Deep Purple’s Book of Taliesyn

cover, Book of TaliesynI’ve written in a few other reviews of classic albums about the influence my older brother had on … not exactly my taste, but the albums that I heard in the late 1960s and early ’70s. This album, the sophomore release by the very first version of Britain’s Deep Purple (what Wikipedia refers to as Mark I), is a good example. It has in common with many of them some great cover versions of other people’s songs. The first single off the album, a raucous cover of Neil Diamond’s “Kentucky Woman,” was a minor radio hit in North America, charting in the Top 40 in the U.S. and nearly making the Top 20 in Canada. I suspect that’s what drew my brother to the album, and we both liked Taliesyn so much that as soon as he found a copy of their debut Shades of Deep Purple he got it, too. It too had a great cover song by a favorite singer of ours, Joe South’s “Hush,” which had been this band’s biggest hit so far.

I’m not a huge fan of hard rock, but back then you took what radio served up, and what was in the zeitgeist. Everybody liked Iron Butterfly’s “Inna Gadda Da Vida,” and early Led Zepellin was gnarly. But I genuinely liked those first Deep Purple albums. They weren’t just mindless hard rock but a fusion of that with psychedelia plus what would go on to become prog rock and heavy metal. Keyboard player Jon Lord on his Hammond organ and other keys, plus his string arrangements and ability to mix classical elements with heavy rock, was the main architect of their sound. Add extraordinary guitarist Ritchie Blackmore to the mix, and you were in for some jaw-dropping fretwork in the form of extended solos plus duets and jams with Lord. Rounding out the lineup were Rod Evans on lead vocals, Nick Simper on bass and Ian Paice on drums, all quite good at their craft. Simper and Paice kept things cooking, and Evans had a versatile mid-range baritone, capable of singing purring ballads and roaring rockers alike.

The seven tracks on Taliesyn include four originals and three quality covers. In addition to their “Kentucky Woman” there’s a creditable take on The Beatles’ “We Can Work It Out” and a full-throated, bridge burning rendition of Ike & Tina Turner’s high “River Deep, Mountain High.” It’s tempting to say the best are those covers, but not so fast. The blues rock instrumental “Wring That Neck” features tons of that enthralling interplay between organ and guitar on a catchy melody, the rhythm section driving a deep groove (plus some explosive timpani in the intro and outro), and nifty solos on both organ and guitar. The band’s three-minute heavy prog intro to “We Can Work It Out” is a killer workout for Lord, and at one point Blackmore joins him for an impressive downward arpeggio in unison.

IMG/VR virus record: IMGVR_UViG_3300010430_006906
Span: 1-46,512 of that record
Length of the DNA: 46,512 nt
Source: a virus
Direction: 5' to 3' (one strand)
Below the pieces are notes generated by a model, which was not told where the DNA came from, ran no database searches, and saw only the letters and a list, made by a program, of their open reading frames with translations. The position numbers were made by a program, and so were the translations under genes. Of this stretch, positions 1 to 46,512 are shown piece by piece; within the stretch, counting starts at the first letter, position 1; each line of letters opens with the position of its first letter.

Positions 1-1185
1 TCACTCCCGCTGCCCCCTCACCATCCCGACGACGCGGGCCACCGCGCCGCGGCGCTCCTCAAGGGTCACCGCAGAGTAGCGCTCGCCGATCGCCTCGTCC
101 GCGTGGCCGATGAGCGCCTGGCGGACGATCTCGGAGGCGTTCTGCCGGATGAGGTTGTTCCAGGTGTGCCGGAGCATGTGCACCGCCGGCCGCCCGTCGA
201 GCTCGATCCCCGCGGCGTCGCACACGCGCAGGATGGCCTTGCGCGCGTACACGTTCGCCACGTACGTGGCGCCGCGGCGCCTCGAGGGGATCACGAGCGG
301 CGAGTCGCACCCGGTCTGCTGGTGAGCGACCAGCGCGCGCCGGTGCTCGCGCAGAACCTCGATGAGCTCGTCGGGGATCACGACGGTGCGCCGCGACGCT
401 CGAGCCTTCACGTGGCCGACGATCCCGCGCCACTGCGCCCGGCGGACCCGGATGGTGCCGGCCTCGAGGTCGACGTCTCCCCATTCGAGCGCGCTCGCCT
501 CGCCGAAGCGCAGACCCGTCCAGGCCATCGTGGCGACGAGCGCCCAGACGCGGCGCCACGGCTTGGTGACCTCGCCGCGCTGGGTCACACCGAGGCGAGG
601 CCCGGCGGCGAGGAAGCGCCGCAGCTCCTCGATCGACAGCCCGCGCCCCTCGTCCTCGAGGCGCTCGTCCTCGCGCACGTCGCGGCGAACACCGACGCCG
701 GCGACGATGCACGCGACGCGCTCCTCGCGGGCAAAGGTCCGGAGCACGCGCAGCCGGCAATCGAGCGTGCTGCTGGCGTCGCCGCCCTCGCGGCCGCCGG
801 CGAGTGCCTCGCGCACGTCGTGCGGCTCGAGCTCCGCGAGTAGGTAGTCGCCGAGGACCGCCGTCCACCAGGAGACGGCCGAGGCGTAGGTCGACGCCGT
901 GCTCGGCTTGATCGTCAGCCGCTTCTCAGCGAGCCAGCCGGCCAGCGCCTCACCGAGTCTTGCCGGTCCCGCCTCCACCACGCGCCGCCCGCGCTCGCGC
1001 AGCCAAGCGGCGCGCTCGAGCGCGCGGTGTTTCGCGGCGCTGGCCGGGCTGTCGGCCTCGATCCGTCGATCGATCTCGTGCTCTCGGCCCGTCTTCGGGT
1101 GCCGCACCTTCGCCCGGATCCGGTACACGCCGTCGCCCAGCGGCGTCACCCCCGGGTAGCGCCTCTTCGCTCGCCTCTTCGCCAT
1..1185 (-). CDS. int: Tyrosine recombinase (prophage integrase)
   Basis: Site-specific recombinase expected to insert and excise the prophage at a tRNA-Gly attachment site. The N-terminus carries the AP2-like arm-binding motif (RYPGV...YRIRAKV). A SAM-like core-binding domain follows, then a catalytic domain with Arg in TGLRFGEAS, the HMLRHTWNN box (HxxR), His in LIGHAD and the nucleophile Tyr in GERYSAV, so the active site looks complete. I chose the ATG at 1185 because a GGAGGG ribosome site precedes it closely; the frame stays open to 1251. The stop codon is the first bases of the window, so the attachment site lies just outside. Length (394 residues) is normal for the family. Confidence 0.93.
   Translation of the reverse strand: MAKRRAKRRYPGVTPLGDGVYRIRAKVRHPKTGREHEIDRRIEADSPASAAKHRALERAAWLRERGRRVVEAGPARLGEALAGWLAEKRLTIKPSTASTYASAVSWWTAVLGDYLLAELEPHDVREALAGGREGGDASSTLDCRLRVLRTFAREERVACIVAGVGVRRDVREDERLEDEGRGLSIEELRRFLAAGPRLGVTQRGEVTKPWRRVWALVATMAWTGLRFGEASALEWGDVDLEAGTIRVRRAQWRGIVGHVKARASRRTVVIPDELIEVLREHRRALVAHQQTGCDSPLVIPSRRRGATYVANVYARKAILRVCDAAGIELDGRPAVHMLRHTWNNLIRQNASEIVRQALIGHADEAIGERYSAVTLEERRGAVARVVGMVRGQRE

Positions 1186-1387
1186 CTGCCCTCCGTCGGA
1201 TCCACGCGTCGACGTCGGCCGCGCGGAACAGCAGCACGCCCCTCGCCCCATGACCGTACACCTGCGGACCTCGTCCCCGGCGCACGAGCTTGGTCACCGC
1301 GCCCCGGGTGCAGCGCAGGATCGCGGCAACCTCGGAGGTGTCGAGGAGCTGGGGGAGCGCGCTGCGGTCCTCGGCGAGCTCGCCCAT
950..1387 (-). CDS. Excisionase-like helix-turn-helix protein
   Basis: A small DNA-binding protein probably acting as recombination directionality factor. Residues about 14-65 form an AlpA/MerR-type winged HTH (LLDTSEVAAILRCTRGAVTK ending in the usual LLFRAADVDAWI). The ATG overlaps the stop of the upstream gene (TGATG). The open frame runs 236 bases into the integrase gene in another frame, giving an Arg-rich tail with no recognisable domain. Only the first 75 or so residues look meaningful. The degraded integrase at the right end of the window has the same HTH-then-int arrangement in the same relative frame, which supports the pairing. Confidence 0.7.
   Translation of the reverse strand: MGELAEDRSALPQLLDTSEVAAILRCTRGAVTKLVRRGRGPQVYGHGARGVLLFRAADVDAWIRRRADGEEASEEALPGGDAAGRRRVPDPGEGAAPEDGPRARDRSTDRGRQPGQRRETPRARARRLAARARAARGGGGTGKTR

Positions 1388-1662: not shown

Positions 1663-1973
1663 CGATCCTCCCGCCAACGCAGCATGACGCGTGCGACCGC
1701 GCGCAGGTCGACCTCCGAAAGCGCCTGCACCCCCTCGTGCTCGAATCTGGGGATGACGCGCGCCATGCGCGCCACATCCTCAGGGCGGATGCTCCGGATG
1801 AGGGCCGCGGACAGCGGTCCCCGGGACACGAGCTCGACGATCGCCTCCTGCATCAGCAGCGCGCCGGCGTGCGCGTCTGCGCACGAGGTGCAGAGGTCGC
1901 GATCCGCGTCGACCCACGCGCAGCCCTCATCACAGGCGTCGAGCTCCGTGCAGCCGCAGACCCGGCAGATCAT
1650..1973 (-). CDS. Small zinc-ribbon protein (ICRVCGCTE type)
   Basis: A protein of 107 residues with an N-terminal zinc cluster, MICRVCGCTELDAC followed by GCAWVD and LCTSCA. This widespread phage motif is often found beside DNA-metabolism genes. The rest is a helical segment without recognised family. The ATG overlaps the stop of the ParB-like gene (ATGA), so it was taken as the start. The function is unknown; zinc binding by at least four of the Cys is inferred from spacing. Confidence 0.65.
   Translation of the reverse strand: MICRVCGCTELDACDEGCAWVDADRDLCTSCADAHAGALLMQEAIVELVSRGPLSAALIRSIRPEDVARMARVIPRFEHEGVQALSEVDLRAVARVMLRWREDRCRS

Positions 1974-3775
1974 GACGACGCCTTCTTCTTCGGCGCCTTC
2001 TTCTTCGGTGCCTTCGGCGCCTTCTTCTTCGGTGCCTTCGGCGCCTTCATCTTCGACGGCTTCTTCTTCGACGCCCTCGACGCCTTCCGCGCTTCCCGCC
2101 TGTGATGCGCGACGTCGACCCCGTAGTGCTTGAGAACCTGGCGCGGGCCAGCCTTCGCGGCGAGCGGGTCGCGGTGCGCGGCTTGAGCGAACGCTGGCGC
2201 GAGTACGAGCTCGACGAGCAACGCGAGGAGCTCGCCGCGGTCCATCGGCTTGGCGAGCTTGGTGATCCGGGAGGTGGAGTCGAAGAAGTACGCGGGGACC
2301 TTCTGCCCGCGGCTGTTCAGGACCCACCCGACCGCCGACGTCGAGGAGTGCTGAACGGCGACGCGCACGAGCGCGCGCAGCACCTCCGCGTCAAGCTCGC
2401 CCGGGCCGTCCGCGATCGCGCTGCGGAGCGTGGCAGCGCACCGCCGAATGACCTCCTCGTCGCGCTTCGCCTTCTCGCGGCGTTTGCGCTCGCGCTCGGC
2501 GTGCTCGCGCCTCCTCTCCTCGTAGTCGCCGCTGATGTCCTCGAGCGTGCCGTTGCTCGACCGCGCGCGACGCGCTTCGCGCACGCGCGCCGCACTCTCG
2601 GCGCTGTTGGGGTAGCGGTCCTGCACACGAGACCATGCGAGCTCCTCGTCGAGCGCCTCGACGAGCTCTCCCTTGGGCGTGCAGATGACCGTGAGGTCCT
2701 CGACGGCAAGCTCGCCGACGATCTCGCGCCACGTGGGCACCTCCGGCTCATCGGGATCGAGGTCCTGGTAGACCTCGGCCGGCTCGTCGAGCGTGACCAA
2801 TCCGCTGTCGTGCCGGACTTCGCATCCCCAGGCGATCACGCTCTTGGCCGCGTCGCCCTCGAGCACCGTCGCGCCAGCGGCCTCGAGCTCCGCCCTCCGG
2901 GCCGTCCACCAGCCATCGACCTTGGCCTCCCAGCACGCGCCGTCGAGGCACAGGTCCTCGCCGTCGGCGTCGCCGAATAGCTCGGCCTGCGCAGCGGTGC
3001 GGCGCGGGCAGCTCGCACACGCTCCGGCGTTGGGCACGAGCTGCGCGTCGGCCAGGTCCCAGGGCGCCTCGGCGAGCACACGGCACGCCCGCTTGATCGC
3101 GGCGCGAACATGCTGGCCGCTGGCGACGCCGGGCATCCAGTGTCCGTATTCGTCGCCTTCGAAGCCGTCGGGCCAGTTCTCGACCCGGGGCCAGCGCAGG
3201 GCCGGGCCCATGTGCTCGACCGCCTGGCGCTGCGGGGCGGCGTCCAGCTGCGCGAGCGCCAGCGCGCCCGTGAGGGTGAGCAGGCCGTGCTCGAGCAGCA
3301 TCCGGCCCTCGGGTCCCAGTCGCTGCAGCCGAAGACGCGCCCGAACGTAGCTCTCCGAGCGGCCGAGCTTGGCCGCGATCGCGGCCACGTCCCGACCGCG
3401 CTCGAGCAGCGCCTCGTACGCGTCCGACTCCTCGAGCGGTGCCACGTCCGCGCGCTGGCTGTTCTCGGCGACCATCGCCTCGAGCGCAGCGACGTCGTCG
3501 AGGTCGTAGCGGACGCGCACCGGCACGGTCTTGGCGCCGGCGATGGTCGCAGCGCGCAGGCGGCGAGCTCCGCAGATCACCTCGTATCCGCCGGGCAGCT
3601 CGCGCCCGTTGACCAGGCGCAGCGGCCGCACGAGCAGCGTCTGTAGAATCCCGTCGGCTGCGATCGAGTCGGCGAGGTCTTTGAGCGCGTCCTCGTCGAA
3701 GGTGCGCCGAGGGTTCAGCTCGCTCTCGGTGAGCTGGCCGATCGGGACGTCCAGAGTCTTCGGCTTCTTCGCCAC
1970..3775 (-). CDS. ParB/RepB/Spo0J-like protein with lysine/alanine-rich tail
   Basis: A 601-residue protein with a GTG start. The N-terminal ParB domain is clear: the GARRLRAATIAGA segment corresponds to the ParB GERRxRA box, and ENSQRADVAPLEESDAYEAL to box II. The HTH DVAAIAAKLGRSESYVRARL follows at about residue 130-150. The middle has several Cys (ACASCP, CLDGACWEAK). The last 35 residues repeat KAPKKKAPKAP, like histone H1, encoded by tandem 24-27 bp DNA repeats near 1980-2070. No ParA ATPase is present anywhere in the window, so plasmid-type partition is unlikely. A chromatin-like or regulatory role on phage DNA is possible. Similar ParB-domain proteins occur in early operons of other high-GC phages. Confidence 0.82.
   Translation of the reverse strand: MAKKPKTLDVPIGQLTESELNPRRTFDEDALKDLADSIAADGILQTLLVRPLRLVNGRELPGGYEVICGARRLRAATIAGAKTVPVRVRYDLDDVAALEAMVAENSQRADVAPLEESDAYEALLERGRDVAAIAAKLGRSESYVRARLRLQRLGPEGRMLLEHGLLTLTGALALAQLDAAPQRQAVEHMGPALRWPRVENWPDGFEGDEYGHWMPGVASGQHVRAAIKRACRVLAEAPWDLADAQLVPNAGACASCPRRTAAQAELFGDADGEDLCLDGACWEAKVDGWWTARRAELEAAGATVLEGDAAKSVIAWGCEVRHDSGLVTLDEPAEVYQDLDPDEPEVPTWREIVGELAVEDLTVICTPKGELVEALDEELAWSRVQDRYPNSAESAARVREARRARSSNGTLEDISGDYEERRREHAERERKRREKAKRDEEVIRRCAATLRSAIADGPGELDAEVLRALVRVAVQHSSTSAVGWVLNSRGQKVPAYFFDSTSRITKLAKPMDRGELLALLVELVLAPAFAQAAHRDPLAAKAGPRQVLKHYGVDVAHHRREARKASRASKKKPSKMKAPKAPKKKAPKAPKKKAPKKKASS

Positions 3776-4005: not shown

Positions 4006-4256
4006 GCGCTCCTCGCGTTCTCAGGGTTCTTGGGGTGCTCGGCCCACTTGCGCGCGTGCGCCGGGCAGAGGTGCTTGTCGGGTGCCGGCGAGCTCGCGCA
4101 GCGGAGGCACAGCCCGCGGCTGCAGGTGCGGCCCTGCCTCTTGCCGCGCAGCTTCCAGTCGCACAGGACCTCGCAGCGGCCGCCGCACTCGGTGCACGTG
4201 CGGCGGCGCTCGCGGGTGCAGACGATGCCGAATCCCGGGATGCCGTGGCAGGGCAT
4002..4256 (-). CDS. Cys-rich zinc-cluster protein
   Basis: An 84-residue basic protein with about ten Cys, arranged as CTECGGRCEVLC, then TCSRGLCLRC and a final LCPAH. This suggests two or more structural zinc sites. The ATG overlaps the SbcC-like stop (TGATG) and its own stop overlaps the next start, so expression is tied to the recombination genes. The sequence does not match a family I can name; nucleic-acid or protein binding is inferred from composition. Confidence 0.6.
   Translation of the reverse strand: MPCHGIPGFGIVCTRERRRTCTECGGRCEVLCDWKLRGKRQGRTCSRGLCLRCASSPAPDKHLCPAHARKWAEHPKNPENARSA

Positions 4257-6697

Then there’s “Anthem,” a tender love song that opens as an acoustic ballad, and really showcases Evans’s vocals plus the band’s ability to harmonize behind him. Lord takes a big Bach-influenced fugue of a break midway through (complete with string quartet), which this band nerd enjoyed back in the day — and it still works, I think. This track is second only to “Kentucky Woman” in Spotify streams from the album. The two weakest tracks are the opener “Listen, Learn, Read On,” and a similarly mystical ditty “The Shield.” “Listen, Learn,” from which the album gets its name in references to the Welsh tales of the Bard of King Arthur’s Court, has a four on the floor beat and production that’s treble heavy, with too-deep reverb on Evans’s vocals in an attempt to make the silly lyrics sound profound. “The Shield” at least lacks the excess reverb, but it never really gets off the ground either lyrically or musically. Album filler, except for Blackmore’s guitar solo.

But the band’s arrangements of the covers are not to be overlooked. In addition to that lengthy intro to the Beatles song, they totally turn Neil Diamond’s folksy bop into a guitar-driven rocker, Blackmore inventing a fuzzed-out lick and Evans throwing himself into the vocals. And the 10-minute “River Deep, Mountain High” that ends the album is a thing of wonder, from its “Also Sprach Zarathustra” intro to its driving finale.

Book of Taliesyn was definitely of its time, and this was not the version of Deep Purple that went on to mega-stardom with a string of hits that started with “Smoke On The Water.” But there are a lot of ideas here that were fresh at the time, some remarkable arrangements, a rhythm section capable of working a deep groove, and two extraordinary soloists in Lord and Blackmore. I don’t know whether I’d like it much if I heard it for the first time now, but it’s a romp down memory lane that those who were fans at the time don’t have to view as a guilty pleasure.

(Tetragrammaton, 1968)

Gary Whitehouse

A fifth-generation Oregonian, Gary is a retired journalist and government communicator. Since the 1990s he has been covering music, books, food & drink and occasionally films, blogs and podcasts for Green Man Review. His main literary interests for GMR are science fiction, music lore, and food & cooking. A lifelong lover of music, his interests are wide ranging and include folk, folk rock, jazz, Americana, classic country, and roots based music from all over the world. He also enjoys dogs, birding, cooking, craft beer, and coffee.

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